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When you’re up­grad­ing a shock you might as well fet­tle the link­age and swingarm too


Fit­ting a new monoshock and re­fresh­ing the link­age. If you’re go­ing to it, do it right

WANT TO MAKE your bike go bet­ter? The an­swer doesn’t al­ways lie, as is of­ten as­sumed, in tun­ing the en­gine. A sus­pen­sion up­grade can de­liver more, pound for pound, than a fortune dropped on ex­pen­sive en­gine tun­ing work.

My Yamaha Fazer 600 is a ge­nius lit­tle bike but like so many of its gen­er­a­tion and type, the sus­pen­sion was bud­get and soft then, and has be­come no less so with time.

Main cul­prit is the shock. It feels OK at the start of a ride but af­ter a few miles any damp­ing of­fered by the wa­tery oil dis­ap­pears tak­ing han­dling along with it. There are many af­ter­mar­ket shocks to choose from. One of our favourite brands is Nitron – they’re pretty much peer­less in terms of value. The Nitron R1 shock we’re fit­ting boasts a bril­liant spec for its £438 price tag and is built to suit the bike, the weight of the rider and their style of rid­ing. It comes with preload and damp­ing ad­just­ment as well as a ride-height ad­juster.

Of course for the shock to de­liver its full po­ten­tial the link­age and swingarm must have good bear­ings, prop­erly greased. So rather than drop the shock straight in, we’ll strip the link­age and re­move the swingarm for some over­due main­te­nance.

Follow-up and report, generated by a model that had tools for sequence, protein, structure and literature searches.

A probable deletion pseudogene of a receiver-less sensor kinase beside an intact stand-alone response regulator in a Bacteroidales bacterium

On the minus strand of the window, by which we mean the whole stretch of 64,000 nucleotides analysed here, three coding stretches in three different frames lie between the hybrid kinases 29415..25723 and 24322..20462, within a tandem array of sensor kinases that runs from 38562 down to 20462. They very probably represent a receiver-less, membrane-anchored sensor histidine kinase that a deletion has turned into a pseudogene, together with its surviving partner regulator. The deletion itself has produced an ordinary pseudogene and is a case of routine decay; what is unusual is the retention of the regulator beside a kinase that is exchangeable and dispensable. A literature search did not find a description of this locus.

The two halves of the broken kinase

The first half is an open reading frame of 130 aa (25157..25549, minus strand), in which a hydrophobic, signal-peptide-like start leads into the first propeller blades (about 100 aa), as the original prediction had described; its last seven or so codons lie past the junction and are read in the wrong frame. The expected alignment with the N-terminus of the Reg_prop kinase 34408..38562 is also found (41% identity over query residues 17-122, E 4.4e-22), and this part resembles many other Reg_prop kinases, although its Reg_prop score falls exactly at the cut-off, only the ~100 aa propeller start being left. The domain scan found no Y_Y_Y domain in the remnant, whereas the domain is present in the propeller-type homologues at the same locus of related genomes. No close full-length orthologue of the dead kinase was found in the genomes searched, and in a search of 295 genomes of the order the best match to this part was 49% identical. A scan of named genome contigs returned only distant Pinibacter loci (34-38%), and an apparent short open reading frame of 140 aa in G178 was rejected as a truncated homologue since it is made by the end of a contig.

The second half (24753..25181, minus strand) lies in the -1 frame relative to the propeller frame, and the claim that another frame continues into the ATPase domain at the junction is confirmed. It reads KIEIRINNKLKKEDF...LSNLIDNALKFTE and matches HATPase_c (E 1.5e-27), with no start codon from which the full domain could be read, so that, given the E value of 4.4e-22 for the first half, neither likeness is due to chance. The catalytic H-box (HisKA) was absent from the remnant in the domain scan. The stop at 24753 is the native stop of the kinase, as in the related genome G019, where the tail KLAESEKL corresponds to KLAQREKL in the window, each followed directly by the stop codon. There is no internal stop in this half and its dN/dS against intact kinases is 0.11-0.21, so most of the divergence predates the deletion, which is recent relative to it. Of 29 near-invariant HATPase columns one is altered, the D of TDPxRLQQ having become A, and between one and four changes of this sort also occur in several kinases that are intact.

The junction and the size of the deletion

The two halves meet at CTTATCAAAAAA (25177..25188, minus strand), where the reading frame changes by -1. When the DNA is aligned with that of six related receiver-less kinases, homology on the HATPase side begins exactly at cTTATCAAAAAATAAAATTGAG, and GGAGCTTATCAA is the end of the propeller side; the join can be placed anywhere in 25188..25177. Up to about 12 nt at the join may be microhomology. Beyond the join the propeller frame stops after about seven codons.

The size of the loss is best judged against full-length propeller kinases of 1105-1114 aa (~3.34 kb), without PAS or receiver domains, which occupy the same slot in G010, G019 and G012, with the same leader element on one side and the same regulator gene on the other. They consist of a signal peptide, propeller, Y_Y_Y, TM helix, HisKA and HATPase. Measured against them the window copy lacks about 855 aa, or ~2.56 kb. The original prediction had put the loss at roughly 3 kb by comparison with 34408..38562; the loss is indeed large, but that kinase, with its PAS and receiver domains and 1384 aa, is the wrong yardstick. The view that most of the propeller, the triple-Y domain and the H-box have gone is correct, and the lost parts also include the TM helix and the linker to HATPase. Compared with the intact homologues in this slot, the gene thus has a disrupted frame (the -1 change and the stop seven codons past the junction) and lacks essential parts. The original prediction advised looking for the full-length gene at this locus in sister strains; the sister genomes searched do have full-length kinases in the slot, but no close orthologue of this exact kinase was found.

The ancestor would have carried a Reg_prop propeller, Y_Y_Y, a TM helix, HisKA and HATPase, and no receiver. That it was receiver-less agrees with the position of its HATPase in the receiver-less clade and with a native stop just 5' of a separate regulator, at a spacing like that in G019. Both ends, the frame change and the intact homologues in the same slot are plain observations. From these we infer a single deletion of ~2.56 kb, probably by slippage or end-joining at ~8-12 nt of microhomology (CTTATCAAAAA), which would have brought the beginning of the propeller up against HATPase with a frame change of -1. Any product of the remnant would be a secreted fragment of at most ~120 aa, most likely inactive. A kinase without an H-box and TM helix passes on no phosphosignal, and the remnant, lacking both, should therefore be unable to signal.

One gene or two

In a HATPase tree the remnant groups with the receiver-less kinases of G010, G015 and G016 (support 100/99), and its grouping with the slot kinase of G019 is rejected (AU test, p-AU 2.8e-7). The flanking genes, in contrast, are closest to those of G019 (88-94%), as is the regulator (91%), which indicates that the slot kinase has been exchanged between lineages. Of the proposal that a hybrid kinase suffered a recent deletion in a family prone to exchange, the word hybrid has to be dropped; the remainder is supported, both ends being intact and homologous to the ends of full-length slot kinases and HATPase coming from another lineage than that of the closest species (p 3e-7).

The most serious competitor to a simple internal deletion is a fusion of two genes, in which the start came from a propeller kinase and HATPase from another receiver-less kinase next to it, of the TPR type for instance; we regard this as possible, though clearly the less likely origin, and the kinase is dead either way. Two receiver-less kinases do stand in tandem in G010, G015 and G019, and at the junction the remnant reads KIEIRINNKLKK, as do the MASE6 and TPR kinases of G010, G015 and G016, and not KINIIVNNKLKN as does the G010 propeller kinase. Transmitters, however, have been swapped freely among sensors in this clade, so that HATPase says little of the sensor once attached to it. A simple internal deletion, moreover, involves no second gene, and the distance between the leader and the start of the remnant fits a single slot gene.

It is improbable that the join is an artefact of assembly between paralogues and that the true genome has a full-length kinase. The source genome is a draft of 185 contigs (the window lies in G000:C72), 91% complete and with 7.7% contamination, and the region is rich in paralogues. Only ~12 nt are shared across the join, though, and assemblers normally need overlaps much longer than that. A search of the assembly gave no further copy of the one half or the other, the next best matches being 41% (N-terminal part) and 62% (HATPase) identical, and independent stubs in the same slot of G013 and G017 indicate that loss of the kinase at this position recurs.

1 Breaker, breaker

Loosen the swingarm spin­dle, shock and link­age bolts. Don’t re­move any yet. The Fazer has a cen­tre stand so there’s no need to sup­port the bike un­der the en­gine.

2 Quick clean

Re­move the rear wheel and any­thing in the way, for ex­am­ple the chain­guard. Get the worst of the grease and grit off the link­age and shock bolts prior to re­moval.

3 Get it un­done

Dou­ble check that the bike is se­curely sup­ported then get the bolts un­done. Use Plus Gas on seized ones. Now re­move the orig­i­nal shock and chuck it in the skip.

4 Pivot points

This swingarm bolt had ob­vi­ously never been un­done be­fore. That’s why we had to use the breaker bar in Step 1. Re­move the bolt then lift out the swingarm.

5 Bush doc­tor

The grease on the swingarm bush is manky and con­tam­i­nated with mois­ture. Clean it off and in­spect the sur­face for heavy pit­ting. A lit­tle mark­ing is fine.

6 Bear­ing in­spec­tion

Clean out the bear­ings with pen­e­trat­ing oil and com­pressed air if you have ac­cess to it. Check their con­di­tion and feel for grit­ti­ness. Re­place if re­quired.

7 Grease it

Hav­ing cleaned out the swingarm bear­ings, treat them to a gen­er­ous dose of fresh grease. We favour Silko­lene Pro RG2, a mo­tor­cy­cle spe­cific prod­uct.

8 Link­age out

Now we can turn our at­ten­tions to the link­age it­self. Th­ese ex­posed assem­blies are very prone to at­tract­ing and re­tain­ing road dirt. Con­se­quently the bear­ings suf­fer.

9 Bat­tered bush

Here’s what hap­pens when main­te­nance is ne­glected. The un­der­greased nee­dle rollers have started to pit the bush. It will just about pass for re-use.

10 The build up

The link­age is go­ing back in with bear­ings cleaned and greased as per those of the swingarm. Check the con­di­tion of any seals prior to re­fit­ting too.

11 Right or­der

Hang the new shock from its top bolt then fit the swingarm, re­mem­ber­ing to work the chain over it and drop the shock through it be­fore re­fit­ting the bolts.

12 Shock re­sult

Tighten the shock, swingarm and link­age bolts, dou­ble check­ing that they’re all done. Re­fit the wheel, ad­just the chain, pump the brake up and go test the shock.

Smile and the world smiles with you. That’s what Alan be­lieves

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